19 20 21 22 23 24
Baldwin, The Message of Genesis, 40. Pfatteicher, Liturgical Spirituality, 113. Sheldrake, A Brief History of Spirituality, 37. Wade, Journey to Moriah, 126. Scaperlanda, The Journey, 68.
Steve Jack Land, Pentecostal Spirituality: A Passion for the Kingdom (Sheffield Academic Press Ltd. 1993), 124.
25 26 27 28
Ibid. Ibid., 183. Ibid., 222. Sheldrake, A Brief History of Spirituality, 5.
Bibliography Baldwin, Joyce G. The Message of Genesis 12-50. Illinois: IVP Books, 1986. Barthomew, Craig G., and Fred Hughes. Explorations in a Christian Theology of Pilgrimage. Ashgate Publishing Ltd, 2004. Cunningham, Lawrence S., and Keith J. Egan. Christian Spirituality: Themes from the Tradition. New Jersey: Paulist Press, 1996. Davidson, Ivor J. A Public Faith: From Constantine to the Medieval World. Grand Rapids, MI: Baker Books, 2005. Davidson, Ivor J. The Birth of the Church: From Jesus to Constantine. Grand Rapids, MI: Baker Books, 2004. Downey, Michael. Understanding Christian Spirituality. New Jersey: Paulist Press, 1997. Hagberg, Janet O., and Robert A. Guelich. The Critical Journey: Stages in the Life of Faith. Wisconsin: Sheffield Publishing Company, 1995. Land, Steve Jack. Pentecostal Spirituality: A Passion for the Kingdom. Sheffield Academic Press Ltd. 1993. Leonard, Bill. Becoming Christian: Dimensions of Spiritual Formation. Kentucky: Westminster/John Knox Press, 1990. McCabe, Herbert and Brian Davies. God, Christ and Us. New York: Continuum, 2003. McGrath, Alister E. Christian Spirituality. Blackwell Publishers Inc., 1999. Mulholland, M. Robert. Invitation to a Journey. Illinois: InterVarsity Press, 1993. Mulholland, M. Robert. The Deeper Journey: The Spirituality of Discovering Your True Self. Illinois: IVP Books, 2006. Mursell, Gordan. The Story of Christian Spirituality: Two Thousand Years, From East to West. Fortress Press, 2001. Palmer, Parker J. A Hidden Wholeness: The Journey towards an Undivided Life. San Francisco: Jossey-Bass, 2004. Pfatteicher, Philip H. Liturgical Spirituality. Trinity Press International, 1997.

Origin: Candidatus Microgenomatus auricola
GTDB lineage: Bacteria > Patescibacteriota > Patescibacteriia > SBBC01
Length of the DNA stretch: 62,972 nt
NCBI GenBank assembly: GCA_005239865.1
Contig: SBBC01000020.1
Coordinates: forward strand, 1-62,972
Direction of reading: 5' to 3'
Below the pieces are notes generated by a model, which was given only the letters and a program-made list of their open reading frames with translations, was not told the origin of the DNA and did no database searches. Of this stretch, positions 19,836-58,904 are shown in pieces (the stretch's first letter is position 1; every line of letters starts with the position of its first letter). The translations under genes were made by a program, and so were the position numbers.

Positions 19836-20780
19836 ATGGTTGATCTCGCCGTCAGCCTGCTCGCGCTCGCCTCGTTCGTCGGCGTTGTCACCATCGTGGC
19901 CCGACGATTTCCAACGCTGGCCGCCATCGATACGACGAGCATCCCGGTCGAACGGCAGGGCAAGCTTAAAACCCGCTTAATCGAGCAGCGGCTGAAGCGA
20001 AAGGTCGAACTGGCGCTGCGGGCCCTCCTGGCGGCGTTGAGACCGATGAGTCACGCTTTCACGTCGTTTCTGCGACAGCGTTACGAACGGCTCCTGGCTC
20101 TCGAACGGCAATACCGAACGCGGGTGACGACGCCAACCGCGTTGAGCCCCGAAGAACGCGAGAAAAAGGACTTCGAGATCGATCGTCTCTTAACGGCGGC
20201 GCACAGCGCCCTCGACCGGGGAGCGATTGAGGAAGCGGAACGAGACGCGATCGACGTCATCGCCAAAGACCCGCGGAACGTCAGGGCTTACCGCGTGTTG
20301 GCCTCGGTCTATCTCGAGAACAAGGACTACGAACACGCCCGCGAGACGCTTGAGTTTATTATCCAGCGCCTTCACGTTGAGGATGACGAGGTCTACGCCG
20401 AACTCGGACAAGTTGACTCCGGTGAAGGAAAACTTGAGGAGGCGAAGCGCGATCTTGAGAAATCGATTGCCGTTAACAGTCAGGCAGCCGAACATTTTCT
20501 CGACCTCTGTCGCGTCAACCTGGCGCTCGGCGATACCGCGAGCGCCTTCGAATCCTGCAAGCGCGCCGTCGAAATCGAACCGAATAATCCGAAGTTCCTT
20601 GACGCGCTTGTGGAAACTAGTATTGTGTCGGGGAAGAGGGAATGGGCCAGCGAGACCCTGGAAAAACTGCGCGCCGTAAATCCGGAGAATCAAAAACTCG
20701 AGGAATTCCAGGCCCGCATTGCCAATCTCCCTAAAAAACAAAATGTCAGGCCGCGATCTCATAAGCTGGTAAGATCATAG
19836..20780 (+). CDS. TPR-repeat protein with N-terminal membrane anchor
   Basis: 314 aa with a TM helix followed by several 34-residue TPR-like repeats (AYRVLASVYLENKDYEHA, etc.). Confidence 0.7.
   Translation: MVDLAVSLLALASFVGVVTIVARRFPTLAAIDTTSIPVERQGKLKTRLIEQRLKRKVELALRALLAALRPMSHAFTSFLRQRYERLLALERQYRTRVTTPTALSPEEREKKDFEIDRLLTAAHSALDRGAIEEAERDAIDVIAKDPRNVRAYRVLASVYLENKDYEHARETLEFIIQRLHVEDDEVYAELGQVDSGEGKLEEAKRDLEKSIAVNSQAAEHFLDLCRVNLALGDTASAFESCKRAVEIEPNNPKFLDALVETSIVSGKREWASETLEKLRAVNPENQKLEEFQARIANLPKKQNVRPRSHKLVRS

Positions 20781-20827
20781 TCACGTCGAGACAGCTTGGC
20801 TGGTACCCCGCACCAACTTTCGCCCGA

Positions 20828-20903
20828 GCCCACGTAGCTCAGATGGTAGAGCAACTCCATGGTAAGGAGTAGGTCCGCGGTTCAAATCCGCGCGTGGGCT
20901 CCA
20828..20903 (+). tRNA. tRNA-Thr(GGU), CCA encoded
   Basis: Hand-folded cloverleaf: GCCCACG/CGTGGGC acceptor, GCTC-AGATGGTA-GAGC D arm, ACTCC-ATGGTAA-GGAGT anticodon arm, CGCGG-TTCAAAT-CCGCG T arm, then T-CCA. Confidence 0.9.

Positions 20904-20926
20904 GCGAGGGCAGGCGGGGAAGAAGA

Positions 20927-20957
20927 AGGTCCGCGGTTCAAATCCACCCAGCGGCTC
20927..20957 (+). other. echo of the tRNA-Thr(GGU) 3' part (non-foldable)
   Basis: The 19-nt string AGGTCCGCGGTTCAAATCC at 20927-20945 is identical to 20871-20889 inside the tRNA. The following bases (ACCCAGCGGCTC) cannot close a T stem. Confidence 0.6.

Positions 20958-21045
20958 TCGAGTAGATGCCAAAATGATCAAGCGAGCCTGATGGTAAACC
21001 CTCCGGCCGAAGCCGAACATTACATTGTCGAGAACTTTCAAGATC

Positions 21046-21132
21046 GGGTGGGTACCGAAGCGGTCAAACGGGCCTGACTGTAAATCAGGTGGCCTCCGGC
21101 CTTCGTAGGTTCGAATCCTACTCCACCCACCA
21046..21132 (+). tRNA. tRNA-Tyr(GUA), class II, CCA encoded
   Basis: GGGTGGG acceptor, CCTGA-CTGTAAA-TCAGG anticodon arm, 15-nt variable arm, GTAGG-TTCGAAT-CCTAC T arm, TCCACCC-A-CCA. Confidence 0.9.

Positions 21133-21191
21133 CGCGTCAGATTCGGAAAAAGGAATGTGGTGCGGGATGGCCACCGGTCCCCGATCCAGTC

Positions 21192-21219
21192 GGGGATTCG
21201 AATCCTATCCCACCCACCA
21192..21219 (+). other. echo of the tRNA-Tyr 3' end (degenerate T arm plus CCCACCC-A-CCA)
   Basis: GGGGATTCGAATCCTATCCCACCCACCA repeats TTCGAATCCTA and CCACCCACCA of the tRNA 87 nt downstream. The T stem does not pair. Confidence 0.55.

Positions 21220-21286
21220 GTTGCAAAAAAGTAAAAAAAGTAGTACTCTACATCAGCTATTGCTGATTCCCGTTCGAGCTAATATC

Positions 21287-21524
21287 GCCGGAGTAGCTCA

Scaperlanda, Maria Ruiz. The Journey: A Guide for the Modern Pilgrim. Illinois: Loyola Press, 2004. Sheldrake, Philip. A Brief History of Spirituality. Blackwell Publishing Inc., 2007. Wade, Ken. Journey to Moriah: The Untold Story of How Abraham Became the Friend of God. Pacific Press, 2004. Walters, Kerry S. Soul Wilderness: A Desert Spirituality. New Jersey: Paulist Press, 2001. Webber, Robert E. The Divine Embrace: Recovering the Passionate Spiritual Life. Grand Rapids, MI: Baker Books, 2006.